Growing Potatoes at Home


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How to Grow Potatoes at Home

What You Need to Know About Growing Potatoes

Growing your own potatoes is incredibly satisfying, and you don’t need a huge garden either. Potatoes are herbaceous plants of the nightshade family. Potato originates from South America and was introduced to Europe in 16th century. Potatoes are a rich source of carbs (starch), vitamins C and B plus are loaded with fibre and minerals. All potatoes need to be cooked before eating – that’s right, you shouldn’t eat green potatoes! The most popular potato dishes are mashed potato, chips, boiled and baked potato.

Many Christians believed that Good Friday was the best day to plant potatoes because the devil holds no power over them at this time. The soil, not the calendar, will tell you when it’s time to plant. The temperature of the soil should—ideally—be at least 10°C. Potatoes grow best in cool, well-drained, loose soil that is about 7° to 13°C. Choose a location that gets full sun—at least 6 hours of sunlight each day.

February is a great time to order and chit seed potatoes. There are hundreds of potato varieties, the types we grow in the garden fall into categories of cooking type and how long they take to harvest. Early potatoes, called first earlies, generally take around 55-70 days from planting to harvest. Mid-season potatoes, also called second earlies, take 70-90 days, while late-season (maincrop potatoes) take 90-110 days to harvest.

Early potatoes are the most delish kind and the ground is soon available for other crops. Always use seed potatoes, and obtain them from a reliable dealer every year. This may cost a little more, but it is worth the extra expense, for the plants do much better. Large seed potatoes should be cut into pieces, each piece having three eyes. All seed potatoes should be boxed up in February with the rose ends at the top, and placed in a shed to chit . Also known as sprouting, chitting forces the seed potatoes to produce buds before they are even planted, an encouragement that results in earlier and heavier cropping.They should be put in the sun on mild days so that the shoots do not get drawn up, thin, and white. When ready for planting; about the last week in March, the shoots should be rubbed off except for the three strongest. If all the shoots were left on you would get a quantity of small potatoes of unsaleable size.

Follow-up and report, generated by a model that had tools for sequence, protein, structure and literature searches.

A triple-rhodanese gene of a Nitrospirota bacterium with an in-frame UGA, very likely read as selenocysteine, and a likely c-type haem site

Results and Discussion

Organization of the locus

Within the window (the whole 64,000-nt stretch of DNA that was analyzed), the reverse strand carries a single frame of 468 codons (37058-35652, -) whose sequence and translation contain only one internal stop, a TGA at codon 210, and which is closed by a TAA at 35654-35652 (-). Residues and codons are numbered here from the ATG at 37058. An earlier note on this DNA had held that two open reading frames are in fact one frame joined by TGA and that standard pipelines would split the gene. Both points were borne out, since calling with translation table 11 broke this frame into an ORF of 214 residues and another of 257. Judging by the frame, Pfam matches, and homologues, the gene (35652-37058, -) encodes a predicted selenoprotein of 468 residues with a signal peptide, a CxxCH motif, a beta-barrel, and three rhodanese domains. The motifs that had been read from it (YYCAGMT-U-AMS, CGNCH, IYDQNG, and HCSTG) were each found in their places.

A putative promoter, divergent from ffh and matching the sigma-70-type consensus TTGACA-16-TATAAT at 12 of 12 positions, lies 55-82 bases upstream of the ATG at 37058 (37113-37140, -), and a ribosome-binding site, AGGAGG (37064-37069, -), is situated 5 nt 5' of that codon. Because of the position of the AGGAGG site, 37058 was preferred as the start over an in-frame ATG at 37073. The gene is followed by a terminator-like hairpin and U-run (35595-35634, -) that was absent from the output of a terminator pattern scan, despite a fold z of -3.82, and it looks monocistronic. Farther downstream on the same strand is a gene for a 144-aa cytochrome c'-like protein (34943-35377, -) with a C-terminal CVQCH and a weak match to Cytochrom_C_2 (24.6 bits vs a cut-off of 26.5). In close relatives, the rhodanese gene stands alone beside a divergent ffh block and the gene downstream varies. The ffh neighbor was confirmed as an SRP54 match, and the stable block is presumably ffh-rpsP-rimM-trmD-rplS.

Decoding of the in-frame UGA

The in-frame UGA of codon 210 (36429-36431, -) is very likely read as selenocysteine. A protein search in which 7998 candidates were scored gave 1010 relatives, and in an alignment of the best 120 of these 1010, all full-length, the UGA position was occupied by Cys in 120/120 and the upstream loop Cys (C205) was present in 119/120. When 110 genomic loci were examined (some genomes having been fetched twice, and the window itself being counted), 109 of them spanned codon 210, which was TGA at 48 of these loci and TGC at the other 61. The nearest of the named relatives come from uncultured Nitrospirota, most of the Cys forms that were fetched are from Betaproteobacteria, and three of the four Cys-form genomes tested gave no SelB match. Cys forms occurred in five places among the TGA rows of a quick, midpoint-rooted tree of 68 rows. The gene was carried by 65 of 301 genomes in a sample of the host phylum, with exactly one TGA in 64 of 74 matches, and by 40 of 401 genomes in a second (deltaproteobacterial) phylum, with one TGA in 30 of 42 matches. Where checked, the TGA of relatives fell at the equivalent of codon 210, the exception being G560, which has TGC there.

Potato Varieties

There are 200 species of wild potato and over 4000 varieties that were produced via selective breeding. Here are a few of my favourite potato types:

  • Maris Piper – Maincrop a great all rounder and ideal for roasting!
  • King Edward for awesome jacket potatoes and mashing
  • Pink Fir Apple – Late Maincrop. Love these old English heritage variety that is long and knobbly with pale pink skin
  • Salad blue – Maincrop. Try something different

How to Grow Potatoes

Grow potatoes in rows with a hoe or round-point shovel, dig a trench about 6 inches wide and 8 inches deep, tapering the bottom to about 3 inches wide. Spread and mix in fully-rotted manure or organic compost in the bottom of the trench before planting.

When planting be careful not to break off the shoots that have been spared, or the growth of the potatoes will be retarded. Try planting a row or two in early March ; if you do this, however you must cover them at night with straw as a protection from frost. If potatoes are cut back by the frost, leave them, they will shoot again later on. A little mound drawn round them gives some measure of protection.

“What I say is that if a man really likes potatoes, he must be a pretty decent sort of fellow.”
–A. A. Milne, English writer (1882–1956) 

Setting Potatoes

Set in rows—earlies 2 ft. apart, main crop 3 ft. apart. The distance between each potato should be 12 in. to 15 in. On light land set them 5 in. deep, and on heavy soil set them 3 in. deep. As soon as the new potatoes begin to form earth them up with the draw hoe to keep the light from them, otherwise they will become green and useless for eating. Potatoes are not so liable to disease if plenty of room is allowed between the rows. After the potato plants have emerged, add organic mulch between the rows to conserve moisture, help with weed control, and cool the soil.

The space can be used for catch crops during the early stages of growth. Main crops should be taken up and dried immediately the tops die back; they must not be left in the sun too long, however, or they will become green. They should be stored in a clamp until required later.

Potatoes are agressive rooting plants, as a potato plant grows it produces a main stem with leaves and flowers aboveground. Underground, tubers form on secondary stems that branch off from the main stem. Potato tubers grow in the dark so to encourage the plant to keep producing more tubers, a few inches of soil are periodically ‘earthed’ up around the base of the stem. This is typically done three to four times during the season.

Harvesting Potatoes

Harvest Potatoes by digging up on a dry day. Dig up gently, being careful not to damage the tubers. Avoid cutting or bruising as the potatoes will rot during storage.

Potatoes should be rotated in the garden, never being grown in the same spot until there has been a 3-4 year absence of potatoes.

Potato Growing Tips

  • Give your seed potato the best start by pre-sprouting or chitting them before planting
  • It’s best to plant potatoes deep in trenches
  • ‘Earth up’ potatoes in the morning when they’re at their tallest
  • Practice yearly crop rotation with potatoes
  • Potatoes store better if you don’t water before harvest

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